The array of cameras available is bewildering and, with manufacturers bringing out new models every year it won't get any less so. Let's try and simplify things.One of the key requirements for most wildlife photographers is the ability to get close toyour subject. If you cannot get physically close to your subject you need a lens that can bring your subject closer to you.Therefore you will need a telephoto or zoom lens.
The question now is do you go for a camera that allows you to fit different lenses as the situation demands or one which has a built in lens that on the face of it can achieve the same result with just one versatile lens built in?
The DSLRA DSLR (Digital Single Lens Reflex) camera is the digital version of the old Single Lens Reflex (SLR) film camera. The simplest way to explain what this means is that when youlook through the viewfinder you are looking at your subject directly through the lens. What you see is what you get.
Buying a DSLR involves selecting a manufacturer and then choosing which of the variousmodels will serve you best. Some people will do this by simply reading reviews and choosing the model that has thehighest rating. Personally, whilst this is a logical starting point, it is a high risk strategy. Would you buy a car on the basis of a review, without even seeing the car itself or sitting in it? Unlikely. To get the best results from your camera you need to be comfortable with it. It might sound a bit nebulous, but it needs to feel right. You can only find this out by handling the camera yourself.If you have a friend who uses a particular brand or model then that is also a good start point. Not only can you test how the camera feels for you, but you also have the possibility of trying out or sharing lenses later on.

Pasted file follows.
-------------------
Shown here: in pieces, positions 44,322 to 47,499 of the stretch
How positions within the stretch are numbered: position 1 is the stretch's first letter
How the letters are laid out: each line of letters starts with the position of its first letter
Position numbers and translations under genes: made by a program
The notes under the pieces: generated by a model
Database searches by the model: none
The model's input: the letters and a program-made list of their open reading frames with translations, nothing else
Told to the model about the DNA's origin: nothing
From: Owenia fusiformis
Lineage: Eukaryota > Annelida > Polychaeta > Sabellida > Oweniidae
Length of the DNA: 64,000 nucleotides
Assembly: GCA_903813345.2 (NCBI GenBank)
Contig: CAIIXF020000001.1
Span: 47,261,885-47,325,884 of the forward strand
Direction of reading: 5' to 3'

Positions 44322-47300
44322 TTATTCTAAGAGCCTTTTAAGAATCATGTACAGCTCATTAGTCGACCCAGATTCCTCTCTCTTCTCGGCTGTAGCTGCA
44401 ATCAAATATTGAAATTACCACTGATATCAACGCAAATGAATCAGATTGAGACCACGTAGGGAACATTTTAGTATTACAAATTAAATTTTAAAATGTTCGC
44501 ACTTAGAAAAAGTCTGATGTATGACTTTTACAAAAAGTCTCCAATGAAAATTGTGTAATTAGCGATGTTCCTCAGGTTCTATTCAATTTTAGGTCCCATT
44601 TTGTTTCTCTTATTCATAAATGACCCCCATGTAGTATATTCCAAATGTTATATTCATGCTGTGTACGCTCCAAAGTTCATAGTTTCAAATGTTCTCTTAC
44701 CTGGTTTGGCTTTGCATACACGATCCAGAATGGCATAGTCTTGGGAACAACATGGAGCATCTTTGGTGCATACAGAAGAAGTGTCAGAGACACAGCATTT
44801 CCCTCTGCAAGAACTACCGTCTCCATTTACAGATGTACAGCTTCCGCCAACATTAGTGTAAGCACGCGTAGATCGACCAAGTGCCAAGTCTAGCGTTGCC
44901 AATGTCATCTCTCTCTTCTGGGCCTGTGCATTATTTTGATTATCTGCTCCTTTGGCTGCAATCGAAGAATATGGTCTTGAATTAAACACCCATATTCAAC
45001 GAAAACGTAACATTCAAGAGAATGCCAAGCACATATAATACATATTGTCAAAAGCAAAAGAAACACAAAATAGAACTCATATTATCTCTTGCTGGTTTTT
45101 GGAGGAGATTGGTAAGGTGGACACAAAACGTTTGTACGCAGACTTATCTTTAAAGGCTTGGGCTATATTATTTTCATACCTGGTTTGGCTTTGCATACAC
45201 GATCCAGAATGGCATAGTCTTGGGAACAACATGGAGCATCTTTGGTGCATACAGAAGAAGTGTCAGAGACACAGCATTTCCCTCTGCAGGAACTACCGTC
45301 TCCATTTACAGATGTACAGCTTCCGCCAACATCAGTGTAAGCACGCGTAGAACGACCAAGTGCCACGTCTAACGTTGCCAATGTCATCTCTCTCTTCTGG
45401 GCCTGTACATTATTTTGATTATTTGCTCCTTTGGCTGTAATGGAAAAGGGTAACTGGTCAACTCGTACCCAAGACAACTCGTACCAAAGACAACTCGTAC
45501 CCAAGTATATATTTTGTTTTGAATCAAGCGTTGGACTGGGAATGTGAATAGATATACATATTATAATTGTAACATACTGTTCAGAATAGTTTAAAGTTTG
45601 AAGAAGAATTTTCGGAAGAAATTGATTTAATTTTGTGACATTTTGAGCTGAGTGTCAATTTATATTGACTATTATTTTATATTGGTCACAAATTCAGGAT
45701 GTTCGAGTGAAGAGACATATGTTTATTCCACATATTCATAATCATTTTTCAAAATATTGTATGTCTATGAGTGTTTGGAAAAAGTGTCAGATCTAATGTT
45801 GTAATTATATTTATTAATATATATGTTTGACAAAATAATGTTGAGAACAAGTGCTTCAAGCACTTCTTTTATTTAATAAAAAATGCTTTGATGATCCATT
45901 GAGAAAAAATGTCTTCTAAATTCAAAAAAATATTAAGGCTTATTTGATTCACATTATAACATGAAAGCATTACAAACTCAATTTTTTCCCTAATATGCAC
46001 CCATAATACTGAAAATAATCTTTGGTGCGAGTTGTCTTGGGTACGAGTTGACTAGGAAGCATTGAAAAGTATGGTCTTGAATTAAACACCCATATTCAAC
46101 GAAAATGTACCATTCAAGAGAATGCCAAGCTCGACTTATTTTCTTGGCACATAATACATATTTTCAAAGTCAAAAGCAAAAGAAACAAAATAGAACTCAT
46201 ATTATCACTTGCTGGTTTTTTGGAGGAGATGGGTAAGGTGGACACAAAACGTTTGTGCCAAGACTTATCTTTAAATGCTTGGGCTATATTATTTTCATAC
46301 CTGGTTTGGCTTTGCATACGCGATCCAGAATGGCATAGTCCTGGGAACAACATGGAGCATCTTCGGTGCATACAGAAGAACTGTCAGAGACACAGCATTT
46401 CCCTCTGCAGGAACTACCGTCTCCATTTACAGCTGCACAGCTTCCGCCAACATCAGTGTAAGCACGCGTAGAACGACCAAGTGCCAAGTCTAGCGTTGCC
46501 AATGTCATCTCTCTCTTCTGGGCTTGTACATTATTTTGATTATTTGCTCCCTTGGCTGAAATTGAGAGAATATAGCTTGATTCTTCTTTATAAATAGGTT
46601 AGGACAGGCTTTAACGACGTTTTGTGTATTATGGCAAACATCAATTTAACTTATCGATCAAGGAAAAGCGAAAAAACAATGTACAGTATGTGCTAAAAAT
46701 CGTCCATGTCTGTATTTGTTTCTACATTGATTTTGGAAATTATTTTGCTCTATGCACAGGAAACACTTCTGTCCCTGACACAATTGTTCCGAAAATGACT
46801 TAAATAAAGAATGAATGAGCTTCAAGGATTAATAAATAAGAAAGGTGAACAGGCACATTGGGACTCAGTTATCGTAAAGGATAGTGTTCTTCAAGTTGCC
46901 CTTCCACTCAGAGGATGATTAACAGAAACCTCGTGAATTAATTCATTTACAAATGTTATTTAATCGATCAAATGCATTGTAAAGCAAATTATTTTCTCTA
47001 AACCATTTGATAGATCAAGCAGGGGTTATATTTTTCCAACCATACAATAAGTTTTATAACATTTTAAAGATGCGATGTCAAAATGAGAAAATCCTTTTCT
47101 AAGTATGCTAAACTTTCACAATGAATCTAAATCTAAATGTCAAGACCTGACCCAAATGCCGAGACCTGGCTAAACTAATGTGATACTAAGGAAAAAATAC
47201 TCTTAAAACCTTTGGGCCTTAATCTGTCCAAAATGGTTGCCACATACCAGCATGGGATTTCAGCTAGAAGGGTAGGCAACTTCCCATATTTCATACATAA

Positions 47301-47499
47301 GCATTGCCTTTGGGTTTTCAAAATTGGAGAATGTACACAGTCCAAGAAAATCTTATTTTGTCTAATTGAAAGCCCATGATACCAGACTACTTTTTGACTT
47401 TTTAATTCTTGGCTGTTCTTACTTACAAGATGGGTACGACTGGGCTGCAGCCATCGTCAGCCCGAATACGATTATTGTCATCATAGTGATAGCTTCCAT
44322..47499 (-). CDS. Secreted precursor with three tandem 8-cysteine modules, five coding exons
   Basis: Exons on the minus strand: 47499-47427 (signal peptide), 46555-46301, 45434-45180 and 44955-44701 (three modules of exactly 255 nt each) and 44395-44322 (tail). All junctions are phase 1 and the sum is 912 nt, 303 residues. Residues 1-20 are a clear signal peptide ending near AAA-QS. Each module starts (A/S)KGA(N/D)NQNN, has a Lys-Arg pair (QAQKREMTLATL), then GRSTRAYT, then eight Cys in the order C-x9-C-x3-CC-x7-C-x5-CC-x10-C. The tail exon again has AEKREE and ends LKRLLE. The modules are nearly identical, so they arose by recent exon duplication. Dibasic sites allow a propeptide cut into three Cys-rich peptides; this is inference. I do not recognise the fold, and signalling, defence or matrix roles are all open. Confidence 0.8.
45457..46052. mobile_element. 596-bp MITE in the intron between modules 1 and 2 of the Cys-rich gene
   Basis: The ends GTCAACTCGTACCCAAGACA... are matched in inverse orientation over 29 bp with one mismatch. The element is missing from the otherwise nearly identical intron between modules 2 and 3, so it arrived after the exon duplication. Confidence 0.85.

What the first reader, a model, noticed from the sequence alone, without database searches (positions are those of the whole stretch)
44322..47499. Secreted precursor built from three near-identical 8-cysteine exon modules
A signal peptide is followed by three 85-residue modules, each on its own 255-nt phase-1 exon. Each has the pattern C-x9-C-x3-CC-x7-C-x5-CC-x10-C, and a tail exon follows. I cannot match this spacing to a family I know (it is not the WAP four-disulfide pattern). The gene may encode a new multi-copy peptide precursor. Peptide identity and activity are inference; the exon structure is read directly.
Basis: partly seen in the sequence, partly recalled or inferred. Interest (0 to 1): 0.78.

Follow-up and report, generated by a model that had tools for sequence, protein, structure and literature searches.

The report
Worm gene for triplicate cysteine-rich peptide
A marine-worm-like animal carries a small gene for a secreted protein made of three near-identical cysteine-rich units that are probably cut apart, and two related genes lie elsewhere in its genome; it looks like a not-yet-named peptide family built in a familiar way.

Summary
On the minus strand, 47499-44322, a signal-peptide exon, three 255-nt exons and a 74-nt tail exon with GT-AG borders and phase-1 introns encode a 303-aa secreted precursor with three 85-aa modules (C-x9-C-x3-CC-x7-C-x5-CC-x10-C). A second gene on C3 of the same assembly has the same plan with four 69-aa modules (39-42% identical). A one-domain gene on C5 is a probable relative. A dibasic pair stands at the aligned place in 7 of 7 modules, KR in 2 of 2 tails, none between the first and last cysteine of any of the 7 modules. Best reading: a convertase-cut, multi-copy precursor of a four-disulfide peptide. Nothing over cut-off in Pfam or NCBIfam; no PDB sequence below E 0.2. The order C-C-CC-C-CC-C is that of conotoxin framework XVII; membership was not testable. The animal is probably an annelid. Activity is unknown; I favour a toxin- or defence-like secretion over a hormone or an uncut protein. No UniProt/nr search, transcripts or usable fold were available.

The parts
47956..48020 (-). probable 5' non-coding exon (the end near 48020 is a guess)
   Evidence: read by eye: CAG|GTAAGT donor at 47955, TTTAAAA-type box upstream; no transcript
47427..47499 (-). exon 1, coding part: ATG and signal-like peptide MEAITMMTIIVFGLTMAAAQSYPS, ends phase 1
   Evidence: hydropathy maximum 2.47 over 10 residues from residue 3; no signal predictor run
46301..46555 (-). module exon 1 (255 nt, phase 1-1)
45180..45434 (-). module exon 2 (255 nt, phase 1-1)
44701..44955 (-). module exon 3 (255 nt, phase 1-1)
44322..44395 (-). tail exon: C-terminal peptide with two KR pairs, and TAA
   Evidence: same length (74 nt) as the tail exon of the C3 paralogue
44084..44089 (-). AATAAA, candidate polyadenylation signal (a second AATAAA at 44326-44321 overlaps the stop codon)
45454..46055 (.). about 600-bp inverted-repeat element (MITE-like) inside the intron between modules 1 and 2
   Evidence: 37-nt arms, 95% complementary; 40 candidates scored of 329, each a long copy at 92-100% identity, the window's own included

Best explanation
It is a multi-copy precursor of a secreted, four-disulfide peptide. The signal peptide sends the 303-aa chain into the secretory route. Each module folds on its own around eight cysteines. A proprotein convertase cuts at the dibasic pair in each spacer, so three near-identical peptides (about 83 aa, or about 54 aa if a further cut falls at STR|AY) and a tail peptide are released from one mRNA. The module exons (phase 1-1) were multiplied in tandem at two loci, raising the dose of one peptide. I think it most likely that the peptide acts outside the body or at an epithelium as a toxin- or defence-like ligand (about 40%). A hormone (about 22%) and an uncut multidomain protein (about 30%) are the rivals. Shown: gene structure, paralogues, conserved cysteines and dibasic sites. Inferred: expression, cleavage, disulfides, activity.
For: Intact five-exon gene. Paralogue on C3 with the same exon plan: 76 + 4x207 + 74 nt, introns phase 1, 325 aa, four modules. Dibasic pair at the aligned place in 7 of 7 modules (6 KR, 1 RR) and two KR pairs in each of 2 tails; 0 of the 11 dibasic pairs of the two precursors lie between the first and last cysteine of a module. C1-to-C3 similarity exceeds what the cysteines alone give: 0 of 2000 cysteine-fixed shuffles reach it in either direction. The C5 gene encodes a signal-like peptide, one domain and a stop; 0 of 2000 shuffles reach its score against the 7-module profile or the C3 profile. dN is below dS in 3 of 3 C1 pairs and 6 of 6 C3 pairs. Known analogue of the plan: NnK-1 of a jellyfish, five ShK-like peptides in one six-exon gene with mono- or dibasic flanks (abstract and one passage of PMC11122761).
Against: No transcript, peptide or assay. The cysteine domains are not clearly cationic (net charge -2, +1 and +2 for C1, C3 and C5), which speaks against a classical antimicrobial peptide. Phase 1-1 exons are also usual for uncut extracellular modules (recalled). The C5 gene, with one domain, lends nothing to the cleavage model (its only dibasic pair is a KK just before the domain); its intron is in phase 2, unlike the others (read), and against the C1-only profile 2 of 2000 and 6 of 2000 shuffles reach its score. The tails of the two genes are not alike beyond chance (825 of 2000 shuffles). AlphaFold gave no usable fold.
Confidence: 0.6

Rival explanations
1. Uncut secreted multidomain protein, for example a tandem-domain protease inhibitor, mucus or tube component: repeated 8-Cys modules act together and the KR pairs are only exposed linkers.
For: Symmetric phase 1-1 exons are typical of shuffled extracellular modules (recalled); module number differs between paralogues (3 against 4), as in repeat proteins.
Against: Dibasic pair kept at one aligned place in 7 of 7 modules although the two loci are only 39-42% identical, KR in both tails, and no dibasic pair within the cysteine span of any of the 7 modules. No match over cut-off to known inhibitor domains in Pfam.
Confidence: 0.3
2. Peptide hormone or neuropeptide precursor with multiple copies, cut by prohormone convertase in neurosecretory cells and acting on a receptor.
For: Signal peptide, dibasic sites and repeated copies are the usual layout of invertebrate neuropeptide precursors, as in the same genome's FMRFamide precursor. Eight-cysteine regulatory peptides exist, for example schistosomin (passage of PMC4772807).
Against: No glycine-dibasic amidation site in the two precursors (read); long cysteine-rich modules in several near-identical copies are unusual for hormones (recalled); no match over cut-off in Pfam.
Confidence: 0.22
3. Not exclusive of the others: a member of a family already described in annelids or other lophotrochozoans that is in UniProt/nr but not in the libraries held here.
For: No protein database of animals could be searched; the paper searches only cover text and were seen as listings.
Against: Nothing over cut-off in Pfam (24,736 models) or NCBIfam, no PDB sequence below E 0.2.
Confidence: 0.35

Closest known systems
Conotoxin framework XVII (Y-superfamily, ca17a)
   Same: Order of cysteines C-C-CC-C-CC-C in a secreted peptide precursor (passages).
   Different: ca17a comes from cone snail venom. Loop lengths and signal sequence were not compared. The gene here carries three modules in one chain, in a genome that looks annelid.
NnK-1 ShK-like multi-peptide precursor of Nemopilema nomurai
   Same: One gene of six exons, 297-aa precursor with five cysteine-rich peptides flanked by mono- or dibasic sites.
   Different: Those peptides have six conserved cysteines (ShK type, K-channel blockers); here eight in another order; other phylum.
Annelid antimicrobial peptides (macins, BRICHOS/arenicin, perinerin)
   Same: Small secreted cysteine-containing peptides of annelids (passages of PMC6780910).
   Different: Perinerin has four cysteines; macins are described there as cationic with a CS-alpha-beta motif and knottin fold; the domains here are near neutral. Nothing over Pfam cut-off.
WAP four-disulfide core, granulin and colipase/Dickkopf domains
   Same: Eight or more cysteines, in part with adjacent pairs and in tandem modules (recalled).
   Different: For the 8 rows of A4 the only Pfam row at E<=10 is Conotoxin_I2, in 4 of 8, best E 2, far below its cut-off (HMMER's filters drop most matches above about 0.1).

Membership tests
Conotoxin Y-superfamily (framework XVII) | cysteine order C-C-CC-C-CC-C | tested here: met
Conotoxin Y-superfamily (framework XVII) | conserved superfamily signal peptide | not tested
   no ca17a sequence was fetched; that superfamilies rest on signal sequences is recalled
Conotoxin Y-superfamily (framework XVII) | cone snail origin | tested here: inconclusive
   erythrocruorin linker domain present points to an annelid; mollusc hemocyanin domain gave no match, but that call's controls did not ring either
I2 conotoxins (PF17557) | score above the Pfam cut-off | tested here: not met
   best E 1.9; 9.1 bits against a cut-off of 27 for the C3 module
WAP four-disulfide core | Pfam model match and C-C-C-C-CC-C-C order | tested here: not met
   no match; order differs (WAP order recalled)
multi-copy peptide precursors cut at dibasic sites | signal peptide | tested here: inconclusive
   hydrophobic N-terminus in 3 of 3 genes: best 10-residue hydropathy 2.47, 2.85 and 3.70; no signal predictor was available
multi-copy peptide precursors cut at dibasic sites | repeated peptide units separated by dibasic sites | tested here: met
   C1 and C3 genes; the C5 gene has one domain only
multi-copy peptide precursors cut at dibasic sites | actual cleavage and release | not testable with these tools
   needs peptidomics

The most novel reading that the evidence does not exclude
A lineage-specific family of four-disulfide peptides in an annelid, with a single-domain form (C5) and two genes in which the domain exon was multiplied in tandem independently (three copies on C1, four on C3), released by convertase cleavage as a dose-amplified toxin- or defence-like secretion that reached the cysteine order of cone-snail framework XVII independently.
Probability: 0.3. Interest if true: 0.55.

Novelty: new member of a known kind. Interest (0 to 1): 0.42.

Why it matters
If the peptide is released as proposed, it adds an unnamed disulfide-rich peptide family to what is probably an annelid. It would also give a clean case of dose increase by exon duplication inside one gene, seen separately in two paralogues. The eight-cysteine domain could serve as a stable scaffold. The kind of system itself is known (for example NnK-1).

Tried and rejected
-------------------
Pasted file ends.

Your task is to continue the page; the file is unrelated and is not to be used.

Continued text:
Most leading manufacturers Canon, Nikon, Olympus, Sony, Fujifilm, Pentax will havea similar range of lenses available. For wildlife photography you will need to consider buying a selection of lenses that will allow you to photograph subjects close to you and subjects farther away.
The Mirrorless CameraA DSLR has a lot of advantages but the mirror mechanism of a DSLR is complex and noisy and adds to the weight of the camera. That's where the mirrorless camera, or compact system camera comes in. These cameras retain the twin advantages of a large sensor and interchangeable lenses of DSLR cameras but do away with the mirror to produce a smaller and lighter simpler camera.
Because there is no mirror you lose the ability to look through the lens at your subject. To overcome this, mirrorless cameras employ an electronic viewfinder (EVF). When theywere first introduced, electronic viewfinders were often slow and clumsy and did not give a very accurate representation of the image. They have evolved hugely and now the EVF on a good mirrorless camera will show a very realistic image. One real plus point with an EVF is that they work well in low light; as the light on the subject diminishes, the EVF compensates by brightening the image in the viewfinder, making it very easy to see what youre shooting.
The quality of mirrorless camera systems is now so good that a lot of professional photographers are choosing them. Fujifilm, Sony and Olympus have excellent models.
The Bridge CameraModern bridge cameras have evolved from compact cameras and are widely available with built in lenses that range from wide angle to telephoto. So in one compact unit, youhave camera and a zoom lens covering an equivalent range to at least 2 zoom lenses ona DSLR.Importantly, your bridge camera will weigh a lot less than a DSLR with lenses to cover the same focal length.